Sometimes, you come across an article so energetically and passionately written it completely consumes you and you instantly want to eat that food, drink that drink or travel to that place in order to share in the experience that the author so emphatically puts across.
I had bookmarked – and only now re-discovered – an article from the website of US food magazine Saveur called The Gold of Naples in which Keith Pandolfi revisits the home of his “beloved but long gone great-grandfather” to discover the true origins of pizza.
Ostensibly it’s not a terrifically exciting subject, I agree, but you can’t but be carried along by the enthusiasm and zeal with which it is written; the hallmark of excellent writing, in other words. I dare you to read it and not crave a pizza afterwards.
In fact, over the weekend I did indeed cobble together my own attempt at Naple’s most famous export, using Pizza da Piero‘s guiltily excellent pizza bases. To match I had a bottle of Tormaresca Torcicoda 2010, a Primitivo from Salento in Puglia, the ‘heel’ of the Italian ‘boot’, so to speak.
Primitivo is Puglia’s native grape, and in my (admittedly limited) experience tends to be overly hot, spicy, and uninteresting (often due to the aforementioned hot spiciness). Fans of Californian Zinfandel will, without realising it, be very familiar with this grape since they are one and the same: clippings brought to America by a Puglian emigrant were unwittingly believed to be a new variety, and so christened Zinfandel, though no-one knows where that name originated.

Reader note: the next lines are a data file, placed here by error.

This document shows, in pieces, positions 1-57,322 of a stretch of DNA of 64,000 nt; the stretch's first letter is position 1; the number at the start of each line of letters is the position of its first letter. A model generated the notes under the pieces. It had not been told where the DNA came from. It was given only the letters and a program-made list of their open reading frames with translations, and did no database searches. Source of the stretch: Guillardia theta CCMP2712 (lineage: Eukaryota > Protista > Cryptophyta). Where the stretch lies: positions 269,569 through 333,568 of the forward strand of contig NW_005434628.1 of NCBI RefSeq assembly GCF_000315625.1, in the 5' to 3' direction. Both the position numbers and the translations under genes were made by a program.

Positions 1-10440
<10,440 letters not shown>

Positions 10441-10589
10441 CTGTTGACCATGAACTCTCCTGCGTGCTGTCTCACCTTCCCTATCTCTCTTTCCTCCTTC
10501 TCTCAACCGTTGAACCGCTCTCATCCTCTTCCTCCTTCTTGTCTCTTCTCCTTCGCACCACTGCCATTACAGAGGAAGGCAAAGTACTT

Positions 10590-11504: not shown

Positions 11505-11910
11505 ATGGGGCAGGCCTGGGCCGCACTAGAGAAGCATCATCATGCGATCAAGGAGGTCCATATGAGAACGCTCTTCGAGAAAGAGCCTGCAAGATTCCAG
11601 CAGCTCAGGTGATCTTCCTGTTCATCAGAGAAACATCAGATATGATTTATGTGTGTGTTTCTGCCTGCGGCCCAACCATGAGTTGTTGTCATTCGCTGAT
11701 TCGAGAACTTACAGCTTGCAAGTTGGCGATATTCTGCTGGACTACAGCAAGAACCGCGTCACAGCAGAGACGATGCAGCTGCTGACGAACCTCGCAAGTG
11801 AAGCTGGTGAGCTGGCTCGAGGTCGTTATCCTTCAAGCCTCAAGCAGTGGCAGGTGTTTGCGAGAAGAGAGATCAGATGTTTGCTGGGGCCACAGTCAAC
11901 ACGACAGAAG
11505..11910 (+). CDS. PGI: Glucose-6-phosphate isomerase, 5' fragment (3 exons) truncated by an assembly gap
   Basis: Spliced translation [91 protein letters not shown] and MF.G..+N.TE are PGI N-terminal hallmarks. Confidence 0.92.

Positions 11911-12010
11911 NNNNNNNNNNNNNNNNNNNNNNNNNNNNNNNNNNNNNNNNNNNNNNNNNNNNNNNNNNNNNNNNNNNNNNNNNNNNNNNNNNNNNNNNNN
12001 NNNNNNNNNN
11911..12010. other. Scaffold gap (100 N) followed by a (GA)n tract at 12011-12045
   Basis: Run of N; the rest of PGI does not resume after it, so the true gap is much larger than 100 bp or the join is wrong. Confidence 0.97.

Back to South Italian Primitivo though. Tormaresca is the Puglian sub-brand of the Antinori Family’s Tuscan-based empire, and I was confident in approaching this bottle since you can be sure that anything produced by this famous dynasty isn’t done half-heartedly.
Bright ruby in the glass, it was surprisingly more rounded in the mouth than I expected, compared to the number of harsh and angular Primitivos I’ve had in the past. The palate is quite New World Cabernet-like: deep dark fruit with blackberry dominant, with some anise after it opened out and some slight tannic bitterness at the end which called out for food. Ideal for my pizza, then.
In all a plush, glossy wine and highly recommended, though at 14% meant that I had to be careful of just how much I imbibed. But this, alas, was a sample bottle from the winery that I had hanging around and isn’t currently available in Ireland (as far as I’m aware). You can get it in the UK, though. Sorry about that.